ADB: $30.6 mln loan to improve rural roads in Armenia
MANILA, PHILIPPINES – The Asian Development Bank (ADB) extends its first loan to Armenia through supporting the rehabilitation of about 220 kilometers of rural roads and the improvement of transport sector management as part of its efforts to promote transport efficiency and reduce poverty in the Central and West Asian region.
ADB will provide a $30.6 million loan to cover most of the $41.4 million funding requirement of the Rural Road Sector Project. ADB will also extend a $600,000 grant for the development of a new transport sector strategy.
Armenia is facing increased challenges as a result of globalization and has made efforts to strengthen links between its economy and that of other countries. The transport sector, particularly the road subsector, has played an increasingly important role in this process.
The project will help in the integration of selected rural communities, which make up about 10% of the total rural population, by improving high priority rural feeder roads connected to the national road network.
The majority of the road networks in Armenia pass through mountainous terrain. Landslides occur frequently and severe winter requires extensive efforts to maintain access. In many areas of the road network, heavy rainfall and poor road drainage cause traffic problems and road damage.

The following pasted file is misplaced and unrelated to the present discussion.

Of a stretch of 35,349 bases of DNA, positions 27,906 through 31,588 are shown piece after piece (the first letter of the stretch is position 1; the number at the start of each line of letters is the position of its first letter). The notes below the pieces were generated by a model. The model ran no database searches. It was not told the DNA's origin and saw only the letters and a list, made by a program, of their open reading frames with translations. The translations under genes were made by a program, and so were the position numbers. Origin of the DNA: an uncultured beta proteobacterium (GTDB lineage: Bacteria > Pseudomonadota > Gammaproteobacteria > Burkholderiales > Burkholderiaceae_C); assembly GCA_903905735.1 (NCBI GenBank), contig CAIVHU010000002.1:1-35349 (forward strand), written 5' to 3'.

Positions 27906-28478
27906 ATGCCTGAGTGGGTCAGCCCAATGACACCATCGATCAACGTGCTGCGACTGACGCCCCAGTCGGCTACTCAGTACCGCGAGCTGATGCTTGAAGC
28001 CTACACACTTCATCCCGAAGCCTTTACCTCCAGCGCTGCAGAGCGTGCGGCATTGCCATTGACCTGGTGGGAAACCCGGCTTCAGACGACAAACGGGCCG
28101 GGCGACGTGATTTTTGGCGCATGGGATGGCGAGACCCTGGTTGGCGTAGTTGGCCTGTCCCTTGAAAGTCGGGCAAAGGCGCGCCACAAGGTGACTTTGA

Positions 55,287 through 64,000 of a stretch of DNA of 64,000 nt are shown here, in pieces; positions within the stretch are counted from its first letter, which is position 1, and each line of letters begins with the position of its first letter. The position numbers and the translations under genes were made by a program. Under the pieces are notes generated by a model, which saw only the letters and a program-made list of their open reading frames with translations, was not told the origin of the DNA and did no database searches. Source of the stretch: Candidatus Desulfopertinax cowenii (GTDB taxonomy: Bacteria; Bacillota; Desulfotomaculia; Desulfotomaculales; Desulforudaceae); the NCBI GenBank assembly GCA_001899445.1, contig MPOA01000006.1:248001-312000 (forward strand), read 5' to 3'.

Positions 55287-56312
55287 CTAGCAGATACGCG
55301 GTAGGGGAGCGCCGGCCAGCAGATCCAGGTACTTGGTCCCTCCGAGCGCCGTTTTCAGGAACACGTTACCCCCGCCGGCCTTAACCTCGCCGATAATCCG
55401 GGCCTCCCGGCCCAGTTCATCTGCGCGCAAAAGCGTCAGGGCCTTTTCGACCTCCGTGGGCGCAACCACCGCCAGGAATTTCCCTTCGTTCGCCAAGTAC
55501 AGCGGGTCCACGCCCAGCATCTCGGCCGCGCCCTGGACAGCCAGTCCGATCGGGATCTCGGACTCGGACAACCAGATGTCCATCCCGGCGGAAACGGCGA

To address the problem, the Government of Armenia developed a Lifeline Road Network Program in 2004 to improve the access of rural communities to the national highway system, targeting 784 high priority rural secondary and local roads totaling 2,700 kilometers. The program, which has a total estimated cost of $300 million, includes the ADB-backed road project.
“The majority of the rural population in Armenia depends heavily on road transport for their daily lives and access to jobs, markets and basic social services,” said Haruya Koide, principal infrastructure finance specialist of ADB’s Central and West Asia Department. “About 1.2 million people, or 38% of the total population, live in rural areas, of which more than 45% is poor. Poverty reduction has been slower in rural areas mainly because of constrained economic activities caused by the mountainous landscape and poor transport infrastructure.”
The road project will help increase mobility and improve accessibility of the rural poor to basic social services; enhance employment opportunities; and increase access to regional centers, the capital city, and domestic and external markets.
Complementing the road project, the ADB grant will develop a new transport sector strategy and enhance the capacity of the government’s Ministry of Transport and Communications and Armenian Roads Directorate Non-Commercial State Organization.